The Unsinkable (Joce)

I’ve almost drowned, twice, in the ocean, on Labor Day weekend. Once, as the heavy waves of Rockaway Beach rolled over my shoulders, I felt the fear of death descend, but I didn’t die. Once, off the sunny coast of San Carlo, Mexico, death hovered, but I couldn’t see it for the blue and sparkling sky above. Again, I did not die.

I recently got the results from my doctor for a genetic test she had ordered to help assess the way my body metabolizes medications. Based on my genetics, the test helped her prescribe a drug that would work with my body, instead of against it, as well as inform her of potential, specific to me, side effects, and ineffective or not recommended treatments for my condition. These genetic tests are fairly new, and despite my complete inability to decipher the results, I found the report fascinating. One fact, in particular: SLC6A4, L/L.

It turns out I am “homozygous for the long promoter polymorphism of the serotonin transporter gene.”  What the hell does that mean? I couldn’t tell you. I can tell you that my doctor was pleased that I was L/L and explained that people who have this genetic expression tend to be more optimistic, less prone to depression, and most importantly of all, more hardy when presented with stress, trauma, and disruptive life events.  People who are L/L are less likely to suffer PTSD.  The other people - carriers of the short 5-HTTLPR allele have difficulty disengaging attention from emotional stimuli and are more susceptible to depression and stress.  “I can tell from this report,” she said, “that you are a very resilient person.”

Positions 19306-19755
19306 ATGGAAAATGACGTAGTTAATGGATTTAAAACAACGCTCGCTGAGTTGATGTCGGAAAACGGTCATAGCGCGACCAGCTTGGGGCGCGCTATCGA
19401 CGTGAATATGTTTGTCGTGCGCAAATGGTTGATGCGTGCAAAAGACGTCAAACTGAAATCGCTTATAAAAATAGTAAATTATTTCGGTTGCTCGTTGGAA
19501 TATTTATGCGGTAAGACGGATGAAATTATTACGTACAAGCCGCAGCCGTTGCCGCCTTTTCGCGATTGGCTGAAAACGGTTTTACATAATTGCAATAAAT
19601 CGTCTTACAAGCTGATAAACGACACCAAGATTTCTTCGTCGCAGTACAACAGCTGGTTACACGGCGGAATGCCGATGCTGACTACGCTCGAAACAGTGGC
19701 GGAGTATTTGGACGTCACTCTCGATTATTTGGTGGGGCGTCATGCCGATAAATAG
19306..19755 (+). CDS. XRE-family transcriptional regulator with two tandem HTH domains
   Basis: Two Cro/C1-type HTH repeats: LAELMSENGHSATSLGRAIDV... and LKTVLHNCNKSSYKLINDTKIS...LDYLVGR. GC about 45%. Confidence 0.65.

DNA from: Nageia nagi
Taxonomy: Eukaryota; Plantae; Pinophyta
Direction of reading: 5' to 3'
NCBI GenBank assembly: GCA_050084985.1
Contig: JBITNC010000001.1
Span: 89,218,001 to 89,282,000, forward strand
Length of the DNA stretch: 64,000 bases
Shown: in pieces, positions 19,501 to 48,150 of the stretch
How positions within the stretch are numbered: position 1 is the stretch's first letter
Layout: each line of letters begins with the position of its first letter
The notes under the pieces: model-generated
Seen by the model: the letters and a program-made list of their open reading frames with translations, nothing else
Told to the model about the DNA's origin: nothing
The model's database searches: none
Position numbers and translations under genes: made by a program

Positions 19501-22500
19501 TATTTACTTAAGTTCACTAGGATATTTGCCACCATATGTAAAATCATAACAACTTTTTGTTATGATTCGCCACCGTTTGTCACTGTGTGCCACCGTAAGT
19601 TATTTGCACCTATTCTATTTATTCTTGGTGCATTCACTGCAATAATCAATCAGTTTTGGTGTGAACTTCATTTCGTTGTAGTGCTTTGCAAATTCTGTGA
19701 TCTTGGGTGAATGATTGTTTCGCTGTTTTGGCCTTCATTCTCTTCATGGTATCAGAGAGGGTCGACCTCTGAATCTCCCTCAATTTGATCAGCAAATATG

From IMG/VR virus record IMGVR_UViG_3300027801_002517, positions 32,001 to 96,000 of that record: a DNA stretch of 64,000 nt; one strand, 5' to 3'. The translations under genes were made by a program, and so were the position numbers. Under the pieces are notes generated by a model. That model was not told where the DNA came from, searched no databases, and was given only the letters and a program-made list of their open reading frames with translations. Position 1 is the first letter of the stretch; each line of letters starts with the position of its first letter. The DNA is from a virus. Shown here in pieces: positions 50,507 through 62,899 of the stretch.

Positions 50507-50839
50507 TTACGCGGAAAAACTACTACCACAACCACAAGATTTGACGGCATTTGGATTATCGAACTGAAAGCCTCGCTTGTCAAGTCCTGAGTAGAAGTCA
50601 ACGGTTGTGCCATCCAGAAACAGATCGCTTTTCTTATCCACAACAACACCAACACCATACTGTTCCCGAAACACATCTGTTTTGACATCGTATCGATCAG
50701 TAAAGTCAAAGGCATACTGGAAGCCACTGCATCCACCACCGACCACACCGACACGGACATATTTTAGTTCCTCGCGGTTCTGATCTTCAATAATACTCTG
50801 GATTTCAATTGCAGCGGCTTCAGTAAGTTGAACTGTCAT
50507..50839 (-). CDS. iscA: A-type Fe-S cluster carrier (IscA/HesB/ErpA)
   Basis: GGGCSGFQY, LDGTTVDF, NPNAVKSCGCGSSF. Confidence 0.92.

Of course, my doctor has no knowledge of the last 20 years of my life.

I’ve never been diagnosed with depression, but, judging from my blog, I would say I have tendencies. I can feel very, very low, and for weeks, months at a time.  And I certainly wouldn’t put myself in the camp of people who refer to themselves as “optimists.” Occasionally hopeful, realistic, pragmatic, but not optimistic.

But when she used the word “resilient,” I smiled. Emotionally, psychologically, I have been crushed, squashed, and trampled. I’ve been abandoned, wrenched, spun up and exploded. I’ve been repeatedly bombarded, threatened, insulted, bullied, accused, chided, and teased. I’ve been let down easy and hard. I’ve been kicked when I’m down and run down by a Mack truck. My heart has been broken. Over and over and over and over and over and over and over and over. I've almost drowned because of a man - TWICE. And you know what, people? I am still here and I’m fine. And, all those guys that thought they had me sunk, didn’t know me very well, because I’m unsinkable. I’m a lot tougher than they give me credit for.

I will bounce back. I’m resilient. It’s scientifically proven. It’s in my DNA.

Maybe the greatest challenge I’ve ever had to face was coming to terms with what happened with Ken. It took me a long time to recover, and it’s likely that I never will, completely. He told me once that I was the weakest person he knew.  But, I know I’m not, because I survived him.